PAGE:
What To Do After You Retire
You’re retired! Congratulations! Retirement is a goal most people dream of. … But now what? What do you do about your assets now?
There are retirement checklists that help bring you to the point of retirement, but what about wealth management for retirees? How do you keep your money growing and make sure you don’t outlive your assets?
When you’re retired, don’t assume that there is no longer a need to keep yourself on track or pay attention to your finances.
Nothing could be further from the truth. Checklists in retirement can help you continue to optimize your financial life and plans. Pre-retirement, your calculations on how much you may need and how you plan to spend your time are the focus. In retirement, however, you know more about how your life is actually going.
A checklist for after you retire can also help you see the need for adjustments. You may need more or less money in a particular category. You may have moved or downsized and have a concrete sense of how those changes have affected you. You may have a better sense of your tax environment as a retiree, or a more nuanced sense of your healthcare needs.
While your working years may be over, there are still some important steps to take in retirement.
Talk to the financial advisors at Oliver Wealth Management about what you should be doing in retirement to make your money last.
Understand Your Retirement Benefits and How to Best Utilize Them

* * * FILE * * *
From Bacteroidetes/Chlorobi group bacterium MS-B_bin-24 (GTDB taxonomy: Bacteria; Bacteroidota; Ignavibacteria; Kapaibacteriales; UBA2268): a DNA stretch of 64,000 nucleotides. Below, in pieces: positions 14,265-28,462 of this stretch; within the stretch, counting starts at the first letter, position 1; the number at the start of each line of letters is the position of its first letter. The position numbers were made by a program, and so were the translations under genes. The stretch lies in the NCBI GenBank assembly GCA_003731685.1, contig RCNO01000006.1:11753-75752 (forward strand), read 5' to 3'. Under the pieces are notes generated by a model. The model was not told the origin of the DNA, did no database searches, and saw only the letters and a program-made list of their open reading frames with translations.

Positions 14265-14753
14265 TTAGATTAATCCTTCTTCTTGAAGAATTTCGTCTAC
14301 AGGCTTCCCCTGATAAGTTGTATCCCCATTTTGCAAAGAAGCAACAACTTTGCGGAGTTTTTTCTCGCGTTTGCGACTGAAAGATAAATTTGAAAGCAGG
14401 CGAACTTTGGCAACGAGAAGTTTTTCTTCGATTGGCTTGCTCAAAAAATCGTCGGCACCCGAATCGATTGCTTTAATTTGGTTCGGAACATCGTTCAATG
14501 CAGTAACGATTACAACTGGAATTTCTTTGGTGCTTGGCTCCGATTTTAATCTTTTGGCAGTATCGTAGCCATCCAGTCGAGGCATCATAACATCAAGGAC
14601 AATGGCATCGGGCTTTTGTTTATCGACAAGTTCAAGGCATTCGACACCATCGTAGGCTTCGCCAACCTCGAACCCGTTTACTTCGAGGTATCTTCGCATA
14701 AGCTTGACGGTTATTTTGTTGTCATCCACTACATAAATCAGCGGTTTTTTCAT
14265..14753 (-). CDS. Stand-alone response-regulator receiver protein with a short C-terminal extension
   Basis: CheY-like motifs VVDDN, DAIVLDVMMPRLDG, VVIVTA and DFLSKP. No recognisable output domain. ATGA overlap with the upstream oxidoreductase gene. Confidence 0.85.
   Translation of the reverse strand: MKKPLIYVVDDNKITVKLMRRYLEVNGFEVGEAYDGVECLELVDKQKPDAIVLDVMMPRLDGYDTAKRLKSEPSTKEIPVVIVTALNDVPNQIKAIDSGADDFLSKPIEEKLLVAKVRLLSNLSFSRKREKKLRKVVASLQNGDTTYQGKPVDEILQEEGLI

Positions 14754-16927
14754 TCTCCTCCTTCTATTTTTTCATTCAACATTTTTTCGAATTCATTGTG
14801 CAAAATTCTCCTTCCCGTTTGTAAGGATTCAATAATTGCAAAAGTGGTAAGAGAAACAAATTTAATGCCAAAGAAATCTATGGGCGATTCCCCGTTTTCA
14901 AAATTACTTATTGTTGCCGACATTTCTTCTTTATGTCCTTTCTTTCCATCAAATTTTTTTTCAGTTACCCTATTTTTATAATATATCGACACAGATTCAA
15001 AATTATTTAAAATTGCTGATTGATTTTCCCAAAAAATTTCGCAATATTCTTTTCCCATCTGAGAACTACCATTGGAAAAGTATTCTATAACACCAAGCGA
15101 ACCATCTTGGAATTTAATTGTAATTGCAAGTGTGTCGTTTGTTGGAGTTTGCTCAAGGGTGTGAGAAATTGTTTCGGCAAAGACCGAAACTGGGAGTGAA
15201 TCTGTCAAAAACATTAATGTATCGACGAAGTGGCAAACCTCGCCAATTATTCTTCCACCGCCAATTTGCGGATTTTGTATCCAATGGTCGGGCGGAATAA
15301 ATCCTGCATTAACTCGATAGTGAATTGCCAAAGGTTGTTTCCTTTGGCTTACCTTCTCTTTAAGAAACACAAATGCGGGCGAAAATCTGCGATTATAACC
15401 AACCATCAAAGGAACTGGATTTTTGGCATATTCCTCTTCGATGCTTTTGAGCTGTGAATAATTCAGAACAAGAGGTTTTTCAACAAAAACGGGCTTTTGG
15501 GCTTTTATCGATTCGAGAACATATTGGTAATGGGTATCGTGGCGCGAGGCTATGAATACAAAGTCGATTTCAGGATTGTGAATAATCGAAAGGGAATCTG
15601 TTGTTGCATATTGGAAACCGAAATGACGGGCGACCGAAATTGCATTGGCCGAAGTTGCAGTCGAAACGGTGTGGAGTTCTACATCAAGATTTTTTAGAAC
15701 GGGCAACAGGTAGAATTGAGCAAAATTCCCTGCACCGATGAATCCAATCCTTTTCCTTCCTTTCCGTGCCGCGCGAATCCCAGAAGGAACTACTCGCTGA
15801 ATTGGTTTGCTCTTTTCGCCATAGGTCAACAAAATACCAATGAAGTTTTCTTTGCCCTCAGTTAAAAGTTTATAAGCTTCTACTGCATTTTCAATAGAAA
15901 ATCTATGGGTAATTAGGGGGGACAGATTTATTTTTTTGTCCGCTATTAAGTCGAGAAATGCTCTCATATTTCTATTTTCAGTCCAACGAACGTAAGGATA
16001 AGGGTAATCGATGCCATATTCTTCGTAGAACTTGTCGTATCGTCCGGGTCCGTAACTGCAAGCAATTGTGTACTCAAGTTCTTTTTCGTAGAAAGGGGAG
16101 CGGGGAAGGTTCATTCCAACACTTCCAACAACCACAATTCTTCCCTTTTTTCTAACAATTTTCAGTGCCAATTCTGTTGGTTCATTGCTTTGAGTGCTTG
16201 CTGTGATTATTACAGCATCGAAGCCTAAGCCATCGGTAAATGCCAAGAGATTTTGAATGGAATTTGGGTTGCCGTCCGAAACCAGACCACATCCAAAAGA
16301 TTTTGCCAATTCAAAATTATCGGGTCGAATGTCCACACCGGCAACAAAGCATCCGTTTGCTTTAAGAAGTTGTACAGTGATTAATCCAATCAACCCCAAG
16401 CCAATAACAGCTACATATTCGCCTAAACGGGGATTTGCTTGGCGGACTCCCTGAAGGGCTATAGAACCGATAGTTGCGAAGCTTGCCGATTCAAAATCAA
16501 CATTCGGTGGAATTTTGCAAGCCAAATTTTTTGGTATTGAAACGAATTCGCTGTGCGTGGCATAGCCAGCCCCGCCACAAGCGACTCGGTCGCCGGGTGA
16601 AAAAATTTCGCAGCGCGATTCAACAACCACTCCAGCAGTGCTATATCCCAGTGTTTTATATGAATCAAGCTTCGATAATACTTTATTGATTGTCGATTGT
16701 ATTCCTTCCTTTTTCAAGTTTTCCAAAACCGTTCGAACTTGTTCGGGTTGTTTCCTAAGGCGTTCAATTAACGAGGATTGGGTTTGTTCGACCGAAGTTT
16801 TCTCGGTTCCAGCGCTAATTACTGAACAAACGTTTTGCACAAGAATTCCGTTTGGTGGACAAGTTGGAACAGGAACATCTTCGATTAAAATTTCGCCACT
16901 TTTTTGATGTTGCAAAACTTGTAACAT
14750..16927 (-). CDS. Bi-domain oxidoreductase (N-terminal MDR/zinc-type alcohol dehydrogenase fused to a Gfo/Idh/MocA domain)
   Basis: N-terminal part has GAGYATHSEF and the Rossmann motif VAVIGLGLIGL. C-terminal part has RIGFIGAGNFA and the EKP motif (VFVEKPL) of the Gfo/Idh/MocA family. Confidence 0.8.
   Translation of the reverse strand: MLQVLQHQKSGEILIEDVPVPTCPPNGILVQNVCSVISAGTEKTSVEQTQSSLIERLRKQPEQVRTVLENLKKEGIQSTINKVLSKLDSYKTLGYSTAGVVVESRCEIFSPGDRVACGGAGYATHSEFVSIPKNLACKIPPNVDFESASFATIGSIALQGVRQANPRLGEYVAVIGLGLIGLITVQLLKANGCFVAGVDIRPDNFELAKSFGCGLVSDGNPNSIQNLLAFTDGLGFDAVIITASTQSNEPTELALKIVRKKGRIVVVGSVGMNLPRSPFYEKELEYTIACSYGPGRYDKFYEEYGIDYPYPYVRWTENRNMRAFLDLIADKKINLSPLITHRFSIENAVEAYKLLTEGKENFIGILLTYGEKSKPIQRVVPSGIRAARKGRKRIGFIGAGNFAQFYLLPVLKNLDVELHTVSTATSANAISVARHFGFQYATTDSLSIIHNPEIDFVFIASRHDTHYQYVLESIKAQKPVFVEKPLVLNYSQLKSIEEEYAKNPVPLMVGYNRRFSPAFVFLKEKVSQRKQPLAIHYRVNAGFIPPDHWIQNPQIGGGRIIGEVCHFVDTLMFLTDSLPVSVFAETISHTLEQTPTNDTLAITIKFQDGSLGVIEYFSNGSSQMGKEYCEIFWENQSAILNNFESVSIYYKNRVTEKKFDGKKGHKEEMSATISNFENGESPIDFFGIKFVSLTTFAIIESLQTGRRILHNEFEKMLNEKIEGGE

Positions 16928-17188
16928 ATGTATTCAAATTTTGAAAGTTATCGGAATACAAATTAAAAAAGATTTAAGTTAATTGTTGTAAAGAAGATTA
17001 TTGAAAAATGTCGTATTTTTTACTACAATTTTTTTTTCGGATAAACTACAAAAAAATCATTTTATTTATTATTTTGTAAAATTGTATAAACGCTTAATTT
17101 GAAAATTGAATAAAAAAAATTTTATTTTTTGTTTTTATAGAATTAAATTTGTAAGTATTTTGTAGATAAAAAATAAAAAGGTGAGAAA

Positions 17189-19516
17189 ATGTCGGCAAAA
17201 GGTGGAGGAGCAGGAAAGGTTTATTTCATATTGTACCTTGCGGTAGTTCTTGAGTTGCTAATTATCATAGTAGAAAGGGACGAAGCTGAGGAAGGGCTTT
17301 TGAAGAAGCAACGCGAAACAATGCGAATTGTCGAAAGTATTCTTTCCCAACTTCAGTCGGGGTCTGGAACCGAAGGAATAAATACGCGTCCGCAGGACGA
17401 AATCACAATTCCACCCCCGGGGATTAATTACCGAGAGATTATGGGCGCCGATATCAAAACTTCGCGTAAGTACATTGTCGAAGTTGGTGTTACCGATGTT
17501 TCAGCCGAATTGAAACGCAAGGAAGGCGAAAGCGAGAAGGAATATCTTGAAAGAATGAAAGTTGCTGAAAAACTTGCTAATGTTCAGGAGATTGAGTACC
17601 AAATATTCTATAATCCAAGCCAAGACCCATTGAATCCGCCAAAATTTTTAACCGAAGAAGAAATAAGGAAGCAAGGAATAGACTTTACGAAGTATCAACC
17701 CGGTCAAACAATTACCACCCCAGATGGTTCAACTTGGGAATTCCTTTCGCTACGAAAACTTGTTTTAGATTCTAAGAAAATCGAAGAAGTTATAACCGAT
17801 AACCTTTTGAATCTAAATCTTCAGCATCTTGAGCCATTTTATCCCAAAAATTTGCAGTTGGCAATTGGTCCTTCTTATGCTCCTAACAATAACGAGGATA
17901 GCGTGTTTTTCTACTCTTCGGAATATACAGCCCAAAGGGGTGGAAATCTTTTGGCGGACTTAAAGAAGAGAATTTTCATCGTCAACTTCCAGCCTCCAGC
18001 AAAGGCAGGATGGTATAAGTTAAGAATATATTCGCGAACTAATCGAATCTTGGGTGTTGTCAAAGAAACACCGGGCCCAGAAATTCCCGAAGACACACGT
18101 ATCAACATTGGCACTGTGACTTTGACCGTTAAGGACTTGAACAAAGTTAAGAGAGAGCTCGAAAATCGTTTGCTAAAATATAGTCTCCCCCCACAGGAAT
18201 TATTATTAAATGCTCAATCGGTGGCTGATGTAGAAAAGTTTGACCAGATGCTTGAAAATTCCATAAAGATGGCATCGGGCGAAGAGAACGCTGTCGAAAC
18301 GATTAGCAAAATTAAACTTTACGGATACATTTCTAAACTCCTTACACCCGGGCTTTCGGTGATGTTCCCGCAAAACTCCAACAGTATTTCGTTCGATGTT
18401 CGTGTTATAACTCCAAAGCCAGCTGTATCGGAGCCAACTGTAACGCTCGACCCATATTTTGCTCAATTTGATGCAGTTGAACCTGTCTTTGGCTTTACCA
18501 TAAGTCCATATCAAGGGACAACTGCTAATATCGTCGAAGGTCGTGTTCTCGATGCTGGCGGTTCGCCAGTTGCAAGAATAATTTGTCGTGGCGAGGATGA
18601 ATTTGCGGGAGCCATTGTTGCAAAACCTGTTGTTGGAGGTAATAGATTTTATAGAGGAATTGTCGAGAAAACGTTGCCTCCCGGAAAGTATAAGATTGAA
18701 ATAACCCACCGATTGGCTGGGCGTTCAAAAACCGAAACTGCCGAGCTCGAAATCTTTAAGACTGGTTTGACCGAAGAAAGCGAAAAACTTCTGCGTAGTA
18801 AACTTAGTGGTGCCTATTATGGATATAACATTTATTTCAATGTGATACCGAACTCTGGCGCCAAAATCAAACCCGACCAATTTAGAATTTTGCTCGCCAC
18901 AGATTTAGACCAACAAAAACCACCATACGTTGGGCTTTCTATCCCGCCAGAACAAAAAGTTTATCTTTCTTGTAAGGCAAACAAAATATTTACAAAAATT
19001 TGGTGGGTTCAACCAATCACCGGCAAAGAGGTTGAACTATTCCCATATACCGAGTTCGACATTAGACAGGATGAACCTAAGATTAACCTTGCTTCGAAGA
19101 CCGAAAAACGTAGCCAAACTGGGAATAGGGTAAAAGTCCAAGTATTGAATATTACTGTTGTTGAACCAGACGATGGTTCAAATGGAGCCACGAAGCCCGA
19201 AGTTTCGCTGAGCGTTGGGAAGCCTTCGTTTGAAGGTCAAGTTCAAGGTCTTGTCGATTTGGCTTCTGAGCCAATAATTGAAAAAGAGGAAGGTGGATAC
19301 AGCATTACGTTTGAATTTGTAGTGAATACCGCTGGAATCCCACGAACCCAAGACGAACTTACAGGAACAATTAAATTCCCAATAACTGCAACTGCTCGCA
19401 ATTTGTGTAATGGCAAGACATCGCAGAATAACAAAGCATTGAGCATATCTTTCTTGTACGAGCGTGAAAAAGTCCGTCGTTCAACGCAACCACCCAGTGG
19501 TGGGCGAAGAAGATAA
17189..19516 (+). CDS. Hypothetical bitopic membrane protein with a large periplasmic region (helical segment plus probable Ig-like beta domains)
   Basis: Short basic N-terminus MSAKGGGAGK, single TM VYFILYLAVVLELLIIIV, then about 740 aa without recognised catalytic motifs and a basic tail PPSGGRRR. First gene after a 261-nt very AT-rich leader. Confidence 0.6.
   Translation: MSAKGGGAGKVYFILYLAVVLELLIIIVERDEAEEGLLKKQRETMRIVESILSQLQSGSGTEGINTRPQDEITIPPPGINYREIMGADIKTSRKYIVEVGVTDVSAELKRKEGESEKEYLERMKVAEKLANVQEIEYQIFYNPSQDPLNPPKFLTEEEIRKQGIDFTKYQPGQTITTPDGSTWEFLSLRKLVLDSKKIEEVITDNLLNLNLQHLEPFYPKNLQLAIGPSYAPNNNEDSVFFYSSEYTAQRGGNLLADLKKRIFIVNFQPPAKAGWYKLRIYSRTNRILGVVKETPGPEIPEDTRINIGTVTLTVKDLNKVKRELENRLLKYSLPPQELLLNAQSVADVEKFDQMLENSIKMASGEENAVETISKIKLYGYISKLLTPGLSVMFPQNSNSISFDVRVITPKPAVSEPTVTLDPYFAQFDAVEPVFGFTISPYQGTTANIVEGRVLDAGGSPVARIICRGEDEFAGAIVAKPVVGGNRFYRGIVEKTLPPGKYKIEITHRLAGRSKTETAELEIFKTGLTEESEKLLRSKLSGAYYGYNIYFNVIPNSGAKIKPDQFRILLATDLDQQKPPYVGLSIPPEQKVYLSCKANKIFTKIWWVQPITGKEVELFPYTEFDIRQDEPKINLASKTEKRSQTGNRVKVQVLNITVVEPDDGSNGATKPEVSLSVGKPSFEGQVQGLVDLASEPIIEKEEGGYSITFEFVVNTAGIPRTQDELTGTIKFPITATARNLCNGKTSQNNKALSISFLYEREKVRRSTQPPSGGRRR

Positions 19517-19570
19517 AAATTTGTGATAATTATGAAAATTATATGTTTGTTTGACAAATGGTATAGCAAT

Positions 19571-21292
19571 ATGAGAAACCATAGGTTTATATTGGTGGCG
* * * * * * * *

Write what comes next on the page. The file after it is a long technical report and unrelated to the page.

If you took Social Security benefits when you retired, the amount you’ll receive is fixed (except for periodic cost-of-living increases). But many people retire before they begin to take Social Security.
If you haven’t yet begun to take Social Security, you can manage the amount you’ll receive. The amount recipients can receive increases on average about 8 percent every year between full retirement age and the age of 70. Your full retirement age is determined by your birth year. It’s 66, for instance, for people born between 1943 and 1954.
Many couples maximize the amount of Social Security income by drawing one spouse’s Social Security benefits until the other reaches 70. Don’t forget about the second’s benefits when you’re already retired.
If you are withdrawing money from your retirement accounts, such as Individual Retirement Accounts (IRAs) or 401(k)s, assess whether you want to adjust the amounts going forward. A commonly used rule of thumb is the 4 percent rule, which allows people to withdraw 4 percent of their portfolios for 30 years without running out of money, assuming a portfolio is divided roughly equally between stocks and bonds. Does your portfolio allocation need to be adjusted? Talk with a financial advisor.
Finally, be aware that you can begin withdrawing from qualified tax-advantaged retirement accounts at the age of 59-½ – and you must begin withdrawing from them when you reach age 70-½. There can be very steep tax penalties if you do not take Required Minimum Distributions (RMDs) at the mandated age and every year thereafter.
The formula for determining your RMDs is based on your life expectancy and tax laws. It can be complex, so it’s prudent to work with a financial advisor when determining the RMDs you need to take.